Aasmund had asked him about the stories of Magnar and Skathi. How they met, how they married and how he fell in battle with the Vanir. It was strange for Eirick to teach someone who nine moons ago had been the one supporting him. Eirick did find it odd how little Aasmund knew about his own lands, but Eirick believed himself lucky to have had a guardian and teacher as Rolph.

When they woke up on the third day, Nora came up to him.

“Have you dreamt of anything? Any guiding signs for us to find the way through this vast forest?” Eirick shook his head. “My dreams have been quiet ever since the day we fled Barkoth.” Nora seemed to think about it.

“Perhaps the gods believe capable of finding the way.” She smiled as she spoke. Eirick had noticed that she had almost become younger, but she was still the wise old woman that everyone in the mining camp had sought out for advice.

“Perhaps. I think just heading north will lead us to the coastline and maybe some ancient Ismarkian settlement. Per chance that the free Ismarkians still have settlements here.” He did not believe this, but saying it gave him hope.

“I do have a way for you to speak with the gods.” She held out her hand and in the palm of it there was black seeds that she had been plucking out of the yellow fruits that grew in abundance in this swampy land. “This has been used by several clerics and mystics to seek the gods and ask them questions.” Eirick regarded the seeds.

“I do not know if I want to speak with the gods anymore.” Nora seemed shocked. “It is a great honor to speak to the gods.” Eirick continued walking and hacking through the trees and bushes. “My dreams scare me. I dream something and it comes true. Or at least my dreams contain truth.” Nora stayed his hand.

“The gods do not promise us that what they have to say is easy to face or that the life they show us will give us only what we want.” She turned Eirick around to face her. “They only show us what we need and what they want from us. They are not wishing wells.” She sighed. “You have been given a great gift and you need to use it.” Eirick turned away and looked into the dense forest.

“I just want to get us to the northern coast and then we will decide what to do.” His voice hid his feeling of insecurity. The forest sometimes felt like it was safe and he just wanted to continue in the path he had set out on. All he wanted was to join the rebels in the North. The gods would have to wait.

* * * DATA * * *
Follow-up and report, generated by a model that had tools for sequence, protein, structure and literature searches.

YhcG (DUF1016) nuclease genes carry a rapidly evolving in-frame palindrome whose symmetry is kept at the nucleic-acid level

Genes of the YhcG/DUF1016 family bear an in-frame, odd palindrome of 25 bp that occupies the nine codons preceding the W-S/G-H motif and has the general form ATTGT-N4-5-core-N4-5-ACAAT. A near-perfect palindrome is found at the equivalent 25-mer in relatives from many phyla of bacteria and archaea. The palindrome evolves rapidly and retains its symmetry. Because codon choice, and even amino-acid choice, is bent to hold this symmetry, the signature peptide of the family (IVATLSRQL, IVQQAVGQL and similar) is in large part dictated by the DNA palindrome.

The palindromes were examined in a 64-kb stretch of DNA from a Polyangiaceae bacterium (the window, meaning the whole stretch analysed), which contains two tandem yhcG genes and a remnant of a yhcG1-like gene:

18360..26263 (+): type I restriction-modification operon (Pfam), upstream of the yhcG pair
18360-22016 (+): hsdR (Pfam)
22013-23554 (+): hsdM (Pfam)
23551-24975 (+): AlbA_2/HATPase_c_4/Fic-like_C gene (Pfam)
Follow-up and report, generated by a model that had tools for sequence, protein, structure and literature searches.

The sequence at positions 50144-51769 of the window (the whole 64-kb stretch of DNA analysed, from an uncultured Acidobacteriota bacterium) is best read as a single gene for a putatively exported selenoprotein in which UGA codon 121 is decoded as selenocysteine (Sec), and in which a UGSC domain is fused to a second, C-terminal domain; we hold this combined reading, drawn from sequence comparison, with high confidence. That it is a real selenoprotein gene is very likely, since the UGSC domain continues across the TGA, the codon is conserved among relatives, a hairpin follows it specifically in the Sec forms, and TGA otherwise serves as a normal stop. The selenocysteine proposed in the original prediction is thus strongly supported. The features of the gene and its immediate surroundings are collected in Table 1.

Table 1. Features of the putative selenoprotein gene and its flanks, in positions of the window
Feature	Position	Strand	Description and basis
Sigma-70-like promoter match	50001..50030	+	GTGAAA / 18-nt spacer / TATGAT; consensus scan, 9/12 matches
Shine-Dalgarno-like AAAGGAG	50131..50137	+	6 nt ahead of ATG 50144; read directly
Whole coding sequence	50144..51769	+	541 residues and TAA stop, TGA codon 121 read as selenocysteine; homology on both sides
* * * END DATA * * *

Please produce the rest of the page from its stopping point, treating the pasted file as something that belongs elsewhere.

That night as they made camp, Eirick said only what he needed to. Something that Nora gnawed at him. Why had the gods talked to him? What made him special? It haunted him while he sat watch and even when Aasmund relieved him in the night he thought of it.


Two days later they had taken shelter from the deluge of rain the before and they woke up to a mild roar. Eirick stepped out of the hollowed out old tree and he felt the ground give in a little as the mud spread out from the force of his sandal. That footwear had taken a beating from the current rain and Eirick feared that they would not last the trek up north.

“We might need some more clothing.” Aasmund looked up the treetops as though he was trying to look through the cover of the leaves to the heavens. He was sitting on one of the massive roots. Eirick picked up the wrappings containing his armor.

“You might be right.” He tightened the straps on his armguards. The leather still held really well, even in the rain, but he was worried for everything else. The questions had started to fill his mind.

“Maybe the next clearing contains some old fabric of some sort. Or you could hunt some animal.” Aasmund grinned teasingly. He had been there the last time, Eirick had tried to hunt some small burrowing animal.

“Perhaps I should. I do see some weak creature around here.” Eirick looked at Aasmund with mock menace. A yawn was heard from the interior of the tree. Nora stuck her head out.

“What are you two arguing about now?” She tried to hide a smile, but Eirick could hear her mocking tone. Eirick felt his heart be lifted by this. At least they had each other.

The day continued the same as the others before. Eirick and Aasmund would clear forest, Nora would pick food and teach Aasmund about different herbs she would find and she would try and ask Eirick about his dreams.

When the evening started to fall, the roar grew and in turn Eirick’s worry. The sound was familiar and looks were exchanged several times during the day, but no one spoke. Underneath them the ground started to become more and more muddy and filled with water. Eirik had taken to walk up a hill that seemed to have some view and when he got up on the plateau, his fears were realized. A huge river spanned the landscape in front of him, larger than anything he had ever seen. Aasmund and Nora came up the hill slowly.

“What are you looking…” Aasmund never finished, but his face told of the shock. Nora looked out at the shore on the other side.

“We cannot cross this.” Eirick looked out at the vast river. To the east of them, they could see the reason for the roar, a huge cataract with minor waterfalls dominated the landscape. Eirick looked for anyway of crossing it, but it seemed impossible.

“I think we need to camp here and see what can be done in the morning.” Nora started to unpack her wrappings and satchel. Eirick felt his heart drop. He turned to Nora.

“Do you remember those seeds you showed me?”

JH Lillevik is a writer of sci-fi and fantasy. He writes screenplays, novels and short stories. He also works as a writing consultant for upcoming writers. His specialty is mythology, world building and psychology.